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Math Shenanigans

My Junior year of High School they offered a Statistic and Probability class for the first time. Anyone who had an 80% or higher in their Sophomore math class could participate and as the slotted teacher was someone I had previously had I knew him to be both fun and engaging.

I remember taking to the topic like a fish to water and quickly found myself immersed in the idea and the related concepts. We were required to have a TI-85 graphing calculator for class use and we quickly learned that you could code simple games into them. Some of the nerdiest of us would develop guessing games, trivia and drawing executables.

I took full advantage of this tool developing rudimentary apps that incorporated the lessons learned into shortcuts for getting answers for each unit. Wanting to be above board I told my teacher what I was working on and he felt that if I knew the subject well enough to code my way around it that he would allow it. The quizzes and tests were open book and calculators were allowed.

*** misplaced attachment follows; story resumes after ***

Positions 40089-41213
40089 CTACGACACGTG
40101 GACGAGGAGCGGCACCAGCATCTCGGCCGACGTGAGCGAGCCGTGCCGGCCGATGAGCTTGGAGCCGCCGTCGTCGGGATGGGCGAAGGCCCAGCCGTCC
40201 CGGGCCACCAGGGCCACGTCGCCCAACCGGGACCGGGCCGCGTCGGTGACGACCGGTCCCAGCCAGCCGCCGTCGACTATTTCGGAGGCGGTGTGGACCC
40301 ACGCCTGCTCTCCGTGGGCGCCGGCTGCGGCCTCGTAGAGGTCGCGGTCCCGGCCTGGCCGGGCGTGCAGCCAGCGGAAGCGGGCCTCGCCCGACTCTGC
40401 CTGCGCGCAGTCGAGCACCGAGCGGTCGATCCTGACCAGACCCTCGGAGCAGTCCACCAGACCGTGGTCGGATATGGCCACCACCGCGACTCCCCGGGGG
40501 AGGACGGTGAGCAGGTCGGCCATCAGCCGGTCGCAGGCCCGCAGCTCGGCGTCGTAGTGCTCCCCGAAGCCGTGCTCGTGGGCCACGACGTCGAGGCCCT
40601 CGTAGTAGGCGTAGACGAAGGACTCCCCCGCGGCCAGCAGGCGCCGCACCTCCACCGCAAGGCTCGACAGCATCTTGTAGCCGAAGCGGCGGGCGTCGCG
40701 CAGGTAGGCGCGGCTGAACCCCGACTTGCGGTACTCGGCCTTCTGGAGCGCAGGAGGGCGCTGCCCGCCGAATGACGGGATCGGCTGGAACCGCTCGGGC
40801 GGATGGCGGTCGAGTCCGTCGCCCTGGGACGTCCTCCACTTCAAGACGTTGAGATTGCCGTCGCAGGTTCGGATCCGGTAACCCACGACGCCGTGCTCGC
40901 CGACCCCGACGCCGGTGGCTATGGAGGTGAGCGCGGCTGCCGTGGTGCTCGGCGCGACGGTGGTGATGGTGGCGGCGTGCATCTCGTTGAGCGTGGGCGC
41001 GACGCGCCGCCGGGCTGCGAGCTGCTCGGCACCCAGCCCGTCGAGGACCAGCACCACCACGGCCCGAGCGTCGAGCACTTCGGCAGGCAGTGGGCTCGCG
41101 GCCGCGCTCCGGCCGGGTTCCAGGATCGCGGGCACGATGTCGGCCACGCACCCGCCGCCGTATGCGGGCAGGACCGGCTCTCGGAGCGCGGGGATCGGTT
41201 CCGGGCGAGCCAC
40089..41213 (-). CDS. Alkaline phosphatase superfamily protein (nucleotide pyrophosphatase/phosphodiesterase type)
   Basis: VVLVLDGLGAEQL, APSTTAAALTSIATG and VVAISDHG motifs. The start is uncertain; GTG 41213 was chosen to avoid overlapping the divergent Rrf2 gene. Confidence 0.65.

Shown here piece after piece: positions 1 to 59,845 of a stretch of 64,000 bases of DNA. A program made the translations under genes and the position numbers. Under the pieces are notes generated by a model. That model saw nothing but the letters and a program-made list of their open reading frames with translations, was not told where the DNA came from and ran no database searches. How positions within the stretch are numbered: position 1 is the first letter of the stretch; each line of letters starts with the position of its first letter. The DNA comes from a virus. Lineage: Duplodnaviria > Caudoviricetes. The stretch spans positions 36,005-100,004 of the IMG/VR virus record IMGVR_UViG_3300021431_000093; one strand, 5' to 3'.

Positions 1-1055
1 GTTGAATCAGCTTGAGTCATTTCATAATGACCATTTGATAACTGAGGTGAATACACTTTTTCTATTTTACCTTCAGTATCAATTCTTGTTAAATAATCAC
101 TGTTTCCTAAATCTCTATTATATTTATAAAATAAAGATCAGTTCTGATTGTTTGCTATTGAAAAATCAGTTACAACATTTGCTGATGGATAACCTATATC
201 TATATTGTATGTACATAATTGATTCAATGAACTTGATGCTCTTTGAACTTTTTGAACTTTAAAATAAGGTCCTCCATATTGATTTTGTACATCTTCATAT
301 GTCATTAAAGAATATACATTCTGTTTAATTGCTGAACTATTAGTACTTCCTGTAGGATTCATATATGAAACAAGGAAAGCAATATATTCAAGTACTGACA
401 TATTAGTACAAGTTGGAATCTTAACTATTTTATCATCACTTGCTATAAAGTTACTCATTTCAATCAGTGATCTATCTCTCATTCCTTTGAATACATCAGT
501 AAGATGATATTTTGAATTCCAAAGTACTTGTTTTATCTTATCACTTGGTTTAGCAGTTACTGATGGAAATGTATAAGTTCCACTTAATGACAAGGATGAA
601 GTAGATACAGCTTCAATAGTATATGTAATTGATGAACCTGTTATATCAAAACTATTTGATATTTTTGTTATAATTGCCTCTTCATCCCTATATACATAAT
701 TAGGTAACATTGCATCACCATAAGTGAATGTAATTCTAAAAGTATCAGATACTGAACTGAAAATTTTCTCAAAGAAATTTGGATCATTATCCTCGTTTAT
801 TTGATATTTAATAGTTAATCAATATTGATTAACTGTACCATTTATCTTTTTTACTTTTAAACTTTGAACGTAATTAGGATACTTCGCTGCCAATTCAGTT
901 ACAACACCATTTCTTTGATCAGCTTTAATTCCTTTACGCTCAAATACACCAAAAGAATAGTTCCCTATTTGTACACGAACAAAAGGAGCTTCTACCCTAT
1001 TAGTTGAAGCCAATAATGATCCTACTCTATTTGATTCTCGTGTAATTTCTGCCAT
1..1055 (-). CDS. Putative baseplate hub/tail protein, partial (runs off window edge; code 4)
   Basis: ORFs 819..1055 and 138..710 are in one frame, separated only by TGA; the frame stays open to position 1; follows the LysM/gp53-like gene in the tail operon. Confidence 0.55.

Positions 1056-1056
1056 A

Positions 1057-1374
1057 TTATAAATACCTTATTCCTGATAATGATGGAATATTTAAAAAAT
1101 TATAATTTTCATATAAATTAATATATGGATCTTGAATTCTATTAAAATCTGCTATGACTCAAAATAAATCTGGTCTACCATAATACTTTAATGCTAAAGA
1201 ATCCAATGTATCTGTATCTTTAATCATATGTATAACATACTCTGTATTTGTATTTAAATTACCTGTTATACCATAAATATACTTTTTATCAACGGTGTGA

The tests were long and drawn out usually taking the entire hour so most folks found them grueling. Using my new found shortcut I could finish in less than half that. My fellow classmates took notice and began approaching me about sharing my secret.

I was torn, my father was had taught me to profit off of my work/intelligence but I knew Mr. Reed would frown on it as THEY had not put the time into learning it I had done. Peer pressure got the best of me and ultimately I agreed and once I had the next app ready I sold the file for $5 each. Good quick money and the admiration of my peers I thought.

“One person can keep a secret, but not two.” ― Ernest Cline, Ready Player One

As I should have suspected this quickly got out of hand and the first few people proceeded to share with all of their friends. By the time the test came nearly the whole class was finishing early. The teacher took note and held me back after class. There was no point in denying it and he understandably expressed frustration and disappointment.

I still look back at that in shame, the ~$25 was not worth it and I let my need to satisfy others and fit in control my actions. Calculators were still allowed after that but no custom programs were and he would check everyone's custom folder before he handed the tests out to make sure they were clear.

I still finished the class with a high A and was a minor legend amongst my classmates but I burned a bridge and showed weakness in my integrity. Still I learned an importance lesson.


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